It is generally accepted that we are currently riding the fourth wave of the industrial revolution, better known as Industry 4.0. Now, advanced trends in digitalization and simplified robot programming could generate new opportunities for the global robotics sector, providing a paradigm shift in industrial manufacturing practices.
Nigel Smith, managing director of Shibaura Machine – formerly Toshiba Machine/TM Robotics – claims that an emboldened robotics revolution could be reignited if countries around the world take advantage of simplified robot programming.1
Digitalization & Industry 4.0
Industry 4.0 is the ongoing automation of traditional manufacturing and industrial practices using innovative smart technologies. In the wake of the 2008 financial crisis, governments came up with new initiatives so that manufacturers could reorganize and improve digitalization in their processes.
New strategic initiatives that began in Germany, geared towards driving manufacturing forwards through improvements in digitization, is what led to the initial conception of the term, Industry 4.0 - a term that was ratified in 2011 during the Hannover Fair after the German government and its industrial partners completed a follow-up project.
In around 2017, the UK jumped on board with the launch of the ‘Building a Britain Fit for The Future’ white paper.2 This industrial strategy sets out a long-term plan to boost productivity through the adoption of AI technology and business automation.
However, as some countries are clearly embracing digitalization, others are still getting to grips with new and evolving smart technologies and robotics. Thus, despite the investment encouraging digitalization in manufacturing, some industry sectors are still lagging behind.
Whilst large-scale industries, including automotive and pharmaceutical manufacturers, have embraced automation to improve productivity, mid-scale and small-scale manufacturers have not been so quick on the uptake. Therefore, the challenge is introducing these smaller companies to automation to encourage the use of advanced robotics.
Simplifying the Challenge
To take on this challenge, industrial robots need to be accessible to all manufacturers, particularly where user experience and cost come into effect. Reportedly, most end-users consider simple programming features the most important factor when making a robotics-based decision.1
With more than 1500 programming languages in current usage, it is near-impossible for the most experienced robot engineer to learn them all. Yet, at a time when the global Covid-19 pandemic dominates global markets, digitalization and advanced simplified programming could pave the way to a new robotics revolution.
Typically, BASIC and Pascal are the first programming languages most robot programmers are introduced to but they are arguably outdated, or no longer suited to the demands of today’s robotic applications.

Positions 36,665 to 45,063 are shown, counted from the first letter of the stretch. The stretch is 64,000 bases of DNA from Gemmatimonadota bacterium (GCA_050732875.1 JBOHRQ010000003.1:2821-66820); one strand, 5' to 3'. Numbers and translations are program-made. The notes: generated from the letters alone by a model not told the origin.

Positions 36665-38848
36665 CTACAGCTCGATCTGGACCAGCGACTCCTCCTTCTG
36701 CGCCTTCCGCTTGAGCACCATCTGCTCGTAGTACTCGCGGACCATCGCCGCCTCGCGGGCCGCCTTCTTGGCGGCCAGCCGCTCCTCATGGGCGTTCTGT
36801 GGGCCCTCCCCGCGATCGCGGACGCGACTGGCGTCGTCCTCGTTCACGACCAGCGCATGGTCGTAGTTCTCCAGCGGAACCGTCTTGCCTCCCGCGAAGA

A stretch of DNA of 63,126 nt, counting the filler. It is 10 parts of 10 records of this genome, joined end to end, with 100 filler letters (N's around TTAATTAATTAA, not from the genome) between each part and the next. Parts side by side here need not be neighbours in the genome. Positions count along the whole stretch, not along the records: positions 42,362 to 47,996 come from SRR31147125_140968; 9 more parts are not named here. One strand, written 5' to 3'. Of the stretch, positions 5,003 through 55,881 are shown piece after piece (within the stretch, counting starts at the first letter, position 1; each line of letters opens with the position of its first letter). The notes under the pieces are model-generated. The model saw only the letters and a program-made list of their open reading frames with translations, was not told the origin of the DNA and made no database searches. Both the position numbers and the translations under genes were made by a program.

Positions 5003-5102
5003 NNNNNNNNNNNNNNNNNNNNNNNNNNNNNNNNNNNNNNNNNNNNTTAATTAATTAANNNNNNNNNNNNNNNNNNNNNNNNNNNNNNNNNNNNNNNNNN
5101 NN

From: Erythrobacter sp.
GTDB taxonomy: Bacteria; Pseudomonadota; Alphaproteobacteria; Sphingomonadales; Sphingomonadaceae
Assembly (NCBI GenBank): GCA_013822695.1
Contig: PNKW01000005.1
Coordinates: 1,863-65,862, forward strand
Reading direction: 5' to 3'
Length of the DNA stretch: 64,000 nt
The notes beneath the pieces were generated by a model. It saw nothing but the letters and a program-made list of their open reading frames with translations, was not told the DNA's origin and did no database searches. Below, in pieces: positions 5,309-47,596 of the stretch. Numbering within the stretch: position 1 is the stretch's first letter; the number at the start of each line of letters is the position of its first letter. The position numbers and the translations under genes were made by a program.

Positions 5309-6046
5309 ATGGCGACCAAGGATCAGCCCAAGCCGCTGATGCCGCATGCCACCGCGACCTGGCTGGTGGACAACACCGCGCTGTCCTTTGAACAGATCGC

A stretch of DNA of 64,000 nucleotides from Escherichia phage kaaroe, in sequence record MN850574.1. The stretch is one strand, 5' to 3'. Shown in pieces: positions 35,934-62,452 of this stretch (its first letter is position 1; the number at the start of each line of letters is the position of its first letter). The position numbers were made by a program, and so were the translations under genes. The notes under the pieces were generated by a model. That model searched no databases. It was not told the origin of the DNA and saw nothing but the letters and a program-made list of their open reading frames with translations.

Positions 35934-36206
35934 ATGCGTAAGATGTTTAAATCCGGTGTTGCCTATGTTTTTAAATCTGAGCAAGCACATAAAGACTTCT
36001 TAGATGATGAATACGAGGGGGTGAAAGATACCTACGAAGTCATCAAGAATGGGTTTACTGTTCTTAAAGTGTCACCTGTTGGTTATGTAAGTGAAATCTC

However, Shibaura Machine’s engineers are trained using the programming language SCOL, which bears some resemblance to BASIC but offers more advanced features.
Shibaura’s latest robotic software - TSAssist - has been specifically developed with usability in mind, offering intuitive screen design and operator panels that can be customized. Newcomers to the software will find it readily accessible as it simplifies many of the common users experience challenges.
TSAssist is compatible with any of TM Robotics’ industrial robots, including the extensive SCARA, Cartesian and six-axis ranges.
Nigel Smith, Managing Director of Shibaura Machine
Shaping the Future
With the demand for simplified robotics programming increasing, digitalization yields the data needed to train the robots and automated systems. Therefore, to keep trends on the upswing and attract small- and mid-sized businesses to the robotics table, robot manufacturers must allay any concerns where system complexity is an issue.
With some businesses moving towards easy-to-program collaborative robot models, or ‘cobots’, users aren’t fully aware of their limitations when it comes to repetitive, heavy-duty tasks. Thus, cobots are not considered a complete alternative to traditional industrial robots which can handle dangerous heavy-duty tasks.
However, the current trends predict that cobots could make up 34% of the robotics market by the year 2025. Therefore, robot manufacturers must ensure that their technology is fully accessible by making them easy-to-program while leveraging advanced digital technologies and digitized data.
In a post-pandemic world where economic recovery is front and center, digitalization remains a key element that will provide more and more opportunities and help shape the future and advance the robotics sector, worldwide.
References and Further Reading